I’m pleased to present the 512th edition of the VideoNuze podcast, with my weekly partner Colin Dixon of nScreenMedia. We hope all of our listeners are staying safe and doing well.
On this week’s podcast Colin and I look at what’s ahead for premium video on demand (PVOD), whereby movies are released direct to consumer, preempting the theatrical window. PVOD has been a contentious topic and with theaters currently closed due to the pandemic PVOD’s appeal has accelerated.
PVOD was in the news earlier this week as the Wall Street Journal wrote how Universal Pictures’ PVOD release of “Trolls World Tour” generated 5 million rentals at $20 apiece. That yielded a split to Universal that was on par with 5 months of theatrical release revenue for the first “Trolls’ movie, underscoring PVOD’s profit potential for studios.
The article triggered pushback from executives at leading theater chains who are justifiably nervous about PVOD eating into their windows. Colin and I dig into the pros and cons of PVOD and what’s likely ahead as stay at home orders slowly lift.
Listen in to learn more!
Click here to listen to the podcast (22 minutes, 34 seconds)
The Metacafe team posted a progress update on its "Bourne Ultimatum" mashup initiative, launched with Universal Pictures on July 23rd. To date, over 1,000 mashups have been posted, with the most popular ones highlighted on the site. Metacafe and Universal teamed up with Diffuse Media Group for the simple-to-use mashup tool.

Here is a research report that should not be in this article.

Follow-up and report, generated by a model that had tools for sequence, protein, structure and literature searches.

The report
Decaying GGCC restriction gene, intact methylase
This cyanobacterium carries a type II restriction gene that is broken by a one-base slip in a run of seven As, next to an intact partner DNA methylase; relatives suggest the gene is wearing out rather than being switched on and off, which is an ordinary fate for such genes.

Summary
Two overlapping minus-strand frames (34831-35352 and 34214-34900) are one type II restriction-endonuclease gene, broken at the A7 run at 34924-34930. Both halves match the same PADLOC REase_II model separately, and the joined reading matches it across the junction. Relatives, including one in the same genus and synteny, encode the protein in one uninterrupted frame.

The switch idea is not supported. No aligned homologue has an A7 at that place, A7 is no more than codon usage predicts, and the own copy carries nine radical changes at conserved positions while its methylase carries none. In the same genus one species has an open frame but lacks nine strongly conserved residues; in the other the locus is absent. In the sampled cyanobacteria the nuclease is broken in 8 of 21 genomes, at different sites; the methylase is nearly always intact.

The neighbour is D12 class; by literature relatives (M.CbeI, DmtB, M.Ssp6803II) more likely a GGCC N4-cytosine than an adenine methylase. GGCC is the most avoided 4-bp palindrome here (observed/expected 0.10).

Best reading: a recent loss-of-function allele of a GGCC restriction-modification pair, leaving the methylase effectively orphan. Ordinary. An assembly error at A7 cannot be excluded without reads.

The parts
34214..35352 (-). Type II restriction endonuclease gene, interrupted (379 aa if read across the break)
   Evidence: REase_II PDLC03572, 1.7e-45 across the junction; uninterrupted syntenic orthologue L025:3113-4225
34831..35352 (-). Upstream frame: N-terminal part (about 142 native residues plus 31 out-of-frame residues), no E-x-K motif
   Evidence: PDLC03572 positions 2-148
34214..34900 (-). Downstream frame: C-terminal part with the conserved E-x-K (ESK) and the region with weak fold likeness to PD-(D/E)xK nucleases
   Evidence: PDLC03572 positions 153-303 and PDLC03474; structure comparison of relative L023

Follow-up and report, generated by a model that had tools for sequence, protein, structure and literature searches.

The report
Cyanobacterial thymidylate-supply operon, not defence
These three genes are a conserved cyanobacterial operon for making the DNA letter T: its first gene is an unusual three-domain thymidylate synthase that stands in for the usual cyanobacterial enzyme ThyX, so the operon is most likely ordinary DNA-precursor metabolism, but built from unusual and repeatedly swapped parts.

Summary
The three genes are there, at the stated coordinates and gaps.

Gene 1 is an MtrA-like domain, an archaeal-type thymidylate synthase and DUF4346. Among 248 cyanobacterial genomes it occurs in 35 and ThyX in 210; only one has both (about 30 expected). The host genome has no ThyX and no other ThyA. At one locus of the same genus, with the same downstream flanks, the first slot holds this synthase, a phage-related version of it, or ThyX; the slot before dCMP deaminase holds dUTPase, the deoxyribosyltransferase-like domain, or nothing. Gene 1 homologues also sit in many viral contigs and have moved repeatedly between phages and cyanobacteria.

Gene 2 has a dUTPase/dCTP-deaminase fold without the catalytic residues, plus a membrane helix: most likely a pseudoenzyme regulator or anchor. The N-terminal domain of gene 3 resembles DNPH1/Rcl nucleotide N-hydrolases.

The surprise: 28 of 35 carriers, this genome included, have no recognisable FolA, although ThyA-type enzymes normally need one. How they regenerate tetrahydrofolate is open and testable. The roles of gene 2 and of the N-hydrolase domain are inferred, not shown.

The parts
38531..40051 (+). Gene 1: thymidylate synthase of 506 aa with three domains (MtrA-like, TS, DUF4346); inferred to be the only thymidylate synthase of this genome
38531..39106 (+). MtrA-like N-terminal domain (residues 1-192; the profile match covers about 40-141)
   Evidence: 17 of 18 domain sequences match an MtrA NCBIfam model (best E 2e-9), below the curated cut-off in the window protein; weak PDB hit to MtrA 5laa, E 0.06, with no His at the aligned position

These kinds of mashups are such a winning idea, it’s amazing to me that they still haven't gained a ton of market momentum. I think it’s just a matter of time, it’s so easy to execute.
Here, Universal provided a collection of scenes and music from the movie. Fans can express their enthusiasm by mixing them up as they please overlaying the music tracks provided. Especially for a franchise like "Bourne", where rabid fans eagerly await each sequel, allowing these folks to participate in the promotional buildup is a real win-win. Tomorrow, when "Bourne" opens everywhere, there will already have been tens (hundreds?) of thousands of people talking up the flick who have seen the mashups or created their own.
Compare this level of fan engagement and promotion to the traditional process of producing 1 trailer and then paying for expensive TV time to promote it. That model seems so yesterday by the standards of what broadband video and Web 2.0 are enabling.
Specifically, broadband is enabling a whole new element of the marketing mix to take root. And the possibilities for where mashups go from here are limitless. Consider: how about letting fans mix in their own voice-overs of certain scenes or mix in their own video clips or have the studio create contests to showcase and reward winning mashups (e.g. Matt Damon-signed, collector’s edition DVD for the winner and such). The list goes on.
I’m expecting lots of smart marketers are going to be increasing their mashup activity quite soon.